Authors of section


Andrew Howard, Theddy Slongo, Peter Schmittenbecher

Executive Editor

James Hunter

General Editor

Fergal Monsell

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Age-related modeling capacity

1. Factors affecting modeling potential

Four major factors have a bearing on the potential for angular modeling:

  • Skeletal age
  • Individual potential of a specific growth plate (eg proximal humerus > distal humerus)
  • Proximity to the joint
  • Orientation to the axis of the joint
age related modeling capacity

2. Potential to model

In the upper extremity, longitudinal growth mainly occurs at the proximal humerus and distal radius/ulna (the shoulder and wrist, respectively).

The growth centers of the upper humerus and distal radius and ulna account for most growth in the extremity. The modeling potential in these areas is therefore considerable.

Fractures around the elbow, especially the distal humerus, however, have much less modeling potential.

The proximal ulna is an apophysis and has no real growth plate responsible for longitudinal growth. This is the reason why Monteggia lesions with fracture or bowing of the proximal ulna have a low modeling capacity.

3. Guidelines for acceptable malalignment after nonoperative treatment

Evidence to support these guidelines is weak and considerable variation exists between surgeons when deciding between operative and nonoperative management.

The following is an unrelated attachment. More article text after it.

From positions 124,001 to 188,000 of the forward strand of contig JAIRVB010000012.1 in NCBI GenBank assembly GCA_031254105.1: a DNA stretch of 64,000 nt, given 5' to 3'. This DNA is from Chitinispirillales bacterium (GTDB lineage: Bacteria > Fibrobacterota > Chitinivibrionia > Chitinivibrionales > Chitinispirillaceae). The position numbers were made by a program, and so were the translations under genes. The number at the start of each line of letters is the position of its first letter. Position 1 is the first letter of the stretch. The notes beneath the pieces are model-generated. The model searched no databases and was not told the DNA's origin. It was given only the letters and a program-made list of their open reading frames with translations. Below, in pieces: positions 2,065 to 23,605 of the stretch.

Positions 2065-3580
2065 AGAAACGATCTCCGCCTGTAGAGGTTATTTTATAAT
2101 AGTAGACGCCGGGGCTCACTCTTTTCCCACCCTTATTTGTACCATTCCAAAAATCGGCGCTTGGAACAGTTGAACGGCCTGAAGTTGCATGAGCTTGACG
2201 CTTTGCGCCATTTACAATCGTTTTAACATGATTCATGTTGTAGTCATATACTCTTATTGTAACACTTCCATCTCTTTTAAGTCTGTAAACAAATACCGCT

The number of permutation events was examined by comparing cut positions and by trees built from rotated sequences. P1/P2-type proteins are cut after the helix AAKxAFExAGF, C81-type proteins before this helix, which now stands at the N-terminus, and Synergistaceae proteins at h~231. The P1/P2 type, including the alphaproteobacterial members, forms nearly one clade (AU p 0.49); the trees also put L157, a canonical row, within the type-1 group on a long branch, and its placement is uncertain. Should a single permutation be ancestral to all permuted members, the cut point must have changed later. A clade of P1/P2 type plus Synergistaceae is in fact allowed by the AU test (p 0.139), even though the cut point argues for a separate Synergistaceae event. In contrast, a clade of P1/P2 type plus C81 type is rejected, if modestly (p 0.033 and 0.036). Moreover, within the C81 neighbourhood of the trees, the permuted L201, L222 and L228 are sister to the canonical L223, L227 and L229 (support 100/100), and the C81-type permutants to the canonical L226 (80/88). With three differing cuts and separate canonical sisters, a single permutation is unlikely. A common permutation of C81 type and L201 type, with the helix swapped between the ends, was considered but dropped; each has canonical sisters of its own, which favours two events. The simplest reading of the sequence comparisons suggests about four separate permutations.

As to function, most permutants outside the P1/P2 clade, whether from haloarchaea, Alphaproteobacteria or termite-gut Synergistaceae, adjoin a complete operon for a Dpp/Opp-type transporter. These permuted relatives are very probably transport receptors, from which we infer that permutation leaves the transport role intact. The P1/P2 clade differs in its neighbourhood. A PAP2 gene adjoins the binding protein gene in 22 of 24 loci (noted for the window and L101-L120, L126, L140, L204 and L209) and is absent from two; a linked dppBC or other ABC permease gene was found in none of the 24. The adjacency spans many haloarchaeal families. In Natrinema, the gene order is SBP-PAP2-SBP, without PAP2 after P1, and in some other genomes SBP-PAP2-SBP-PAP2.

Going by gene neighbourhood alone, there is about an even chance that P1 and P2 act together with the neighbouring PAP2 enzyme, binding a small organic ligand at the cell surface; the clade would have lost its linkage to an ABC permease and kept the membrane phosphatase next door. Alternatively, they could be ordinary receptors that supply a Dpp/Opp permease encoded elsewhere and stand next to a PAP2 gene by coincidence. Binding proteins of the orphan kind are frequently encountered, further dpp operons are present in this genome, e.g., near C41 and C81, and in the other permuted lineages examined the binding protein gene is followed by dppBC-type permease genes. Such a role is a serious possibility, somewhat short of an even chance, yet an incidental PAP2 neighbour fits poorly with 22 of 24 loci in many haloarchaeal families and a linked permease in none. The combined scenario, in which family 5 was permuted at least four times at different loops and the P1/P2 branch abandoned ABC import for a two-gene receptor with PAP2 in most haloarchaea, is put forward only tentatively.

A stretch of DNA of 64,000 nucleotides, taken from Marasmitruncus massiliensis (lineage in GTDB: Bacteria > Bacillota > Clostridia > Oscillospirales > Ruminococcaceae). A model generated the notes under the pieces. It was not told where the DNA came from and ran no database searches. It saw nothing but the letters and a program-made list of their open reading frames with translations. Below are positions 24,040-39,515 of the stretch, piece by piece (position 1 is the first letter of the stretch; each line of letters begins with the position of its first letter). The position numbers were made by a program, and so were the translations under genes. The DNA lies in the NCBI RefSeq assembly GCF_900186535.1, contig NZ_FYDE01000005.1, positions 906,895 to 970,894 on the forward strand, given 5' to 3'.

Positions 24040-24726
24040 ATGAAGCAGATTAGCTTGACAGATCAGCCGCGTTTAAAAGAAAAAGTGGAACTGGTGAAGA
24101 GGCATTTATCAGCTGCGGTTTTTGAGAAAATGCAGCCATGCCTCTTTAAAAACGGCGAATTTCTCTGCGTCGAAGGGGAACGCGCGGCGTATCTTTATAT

The following recommendations are however generally accepted.

Acceptable deformity/displacement
9 years of age and under:

  • Under 15° of angular deformity
  • Bayonet apposition (100% translation) acceptable if interosseous gap maintained

10 years of age and older:

  • Anatomic reduction preferred
  • Under 10° of angular deformity acceptable
  • Bayonet apposition (100% translation) acceptable if interosseous gap maintained

Note: Control of angulation and rotation and maintenance of an adequate interosseous gap in a cast is difficult with bayonet apposition and is a relative indication for operative management especially in older children with this fracture pattern.

Note: Older texts contain recommendations about allowable degrees of rotational malalignment. This is extremely difficult to judge. If there is obvious rotational malalignment, then careful consideration should be given to remanipulation or operative intervention.

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